I was at a seminar last night which was meant to help entrepreneurs think through the issues of starting a new venture. There were a real assortment of people in the room - some of them had started businesses in previous lives and some were new to startups. Some were straight from the lab and had a great idea but little business experience, and some were very experienced on the business side.
One of the exercises that got me thinking was the elevator pitch. Three of the firms were brought up and asked to present their company or their idea as if the rest of us were investors. Each firm was given one minute. The first team represented two guys - post docs - working on genetic testing or slicing. To be honest the guy spoke for about a minute and I had no idea what he was talking about. It sounded impressive. The second team stood up and talked about their technology and how cool it was. From my perspective - two swings, two misses.
Then one of our guest speakers got up. He has launched one successful business and is in the process of starting another. Rather than get into the technology of the new company, he told us a story, including the word "snot" and an altogether inaccurate description of what his bio-tech product looks like. But at the end we all had a rough understanding of what his firm did and why it could be successful.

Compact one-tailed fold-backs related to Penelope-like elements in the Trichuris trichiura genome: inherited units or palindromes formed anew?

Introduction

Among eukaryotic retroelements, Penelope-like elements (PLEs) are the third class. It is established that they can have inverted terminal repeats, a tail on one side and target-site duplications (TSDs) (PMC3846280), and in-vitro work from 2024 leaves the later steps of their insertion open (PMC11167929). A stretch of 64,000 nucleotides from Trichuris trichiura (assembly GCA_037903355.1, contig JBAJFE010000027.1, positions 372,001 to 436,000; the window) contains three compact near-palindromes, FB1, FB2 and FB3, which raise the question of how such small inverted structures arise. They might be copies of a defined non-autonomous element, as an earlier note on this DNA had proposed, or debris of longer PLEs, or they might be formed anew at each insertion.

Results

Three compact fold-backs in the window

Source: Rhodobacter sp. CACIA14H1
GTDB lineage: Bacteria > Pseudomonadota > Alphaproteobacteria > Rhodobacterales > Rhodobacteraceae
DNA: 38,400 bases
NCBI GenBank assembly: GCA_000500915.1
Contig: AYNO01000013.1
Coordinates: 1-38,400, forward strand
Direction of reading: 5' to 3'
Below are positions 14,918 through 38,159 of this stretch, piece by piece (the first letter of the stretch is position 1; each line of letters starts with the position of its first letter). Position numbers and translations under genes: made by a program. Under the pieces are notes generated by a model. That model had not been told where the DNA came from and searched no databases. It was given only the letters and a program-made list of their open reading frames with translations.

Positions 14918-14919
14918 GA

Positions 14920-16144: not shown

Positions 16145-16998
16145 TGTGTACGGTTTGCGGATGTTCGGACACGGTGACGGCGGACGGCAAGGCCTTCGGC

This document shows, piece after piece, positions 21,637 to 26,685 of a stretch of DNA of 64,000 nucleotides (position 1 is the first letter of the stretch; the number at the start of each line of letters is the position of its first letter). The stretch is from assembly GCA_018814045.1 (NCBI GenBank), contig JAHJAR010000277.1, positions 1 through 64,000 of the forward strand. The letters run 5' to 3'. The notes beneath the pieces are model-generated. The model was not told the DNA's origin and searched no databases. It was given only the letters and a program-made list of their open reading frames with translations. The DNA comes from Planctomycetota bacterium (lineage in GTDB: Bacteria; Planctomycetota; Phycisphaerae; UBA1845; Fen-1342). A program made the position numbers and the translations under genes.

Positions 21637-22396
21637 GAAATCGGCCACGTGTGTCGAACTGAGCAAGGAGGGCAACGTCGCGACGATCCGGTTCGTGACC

I think some of the best communicators use stories to communicate their goals or their ideas. A story is something that is familiar. It does not talk down to us but it puts us on comfortable footing. A story can set up a challenge, introduce key players and resolve any issues in a way that seems natural. Telling a story about a problem in the environment and a method to solve that problem worked exceptionally well for the serial entrepreneur. It turns out his firm is doing some fairly advanced genetic testing, but the way he talks to investors and potential customers is to tell a story.
I guess sometimes I can be a slow learner. I'm constantly trying to throw in all the big words, the MBA speak into my presentations. The speaker last night demonstrated how his first firm, SciQuest, communicated initially - "Expanding the business to business e-commerce opportunities over the internet for scientists who acquire pharmaceutical equipment" or something along those lines. By the time they went public, one of their catch phrases was "Yahoo for Scientists".
I've had the good fortune as well to work with Cliff Atkinson at Sociable Media. Cliff has take the concept of telling stories and helped firms communicate more effectively by using stories as the building blocks for their presentations in PowerPoint. Cliff has succesfully used the storytelling approach with many firms to improve the way they communicate, internally and with each other.
I wrote another post about this topic a month or so ago, in which I compared good management communication to country music. It struck me that most country music songs have a story which makes a point, and a chorus which is repeated until you can walk around all day with the words in your head. Isn't that what we want when we as managers communicate to our teams? Don't we want them to "get" the message and keep it current even when we aren't there? What could be better than a good story set to a country music beat to do that?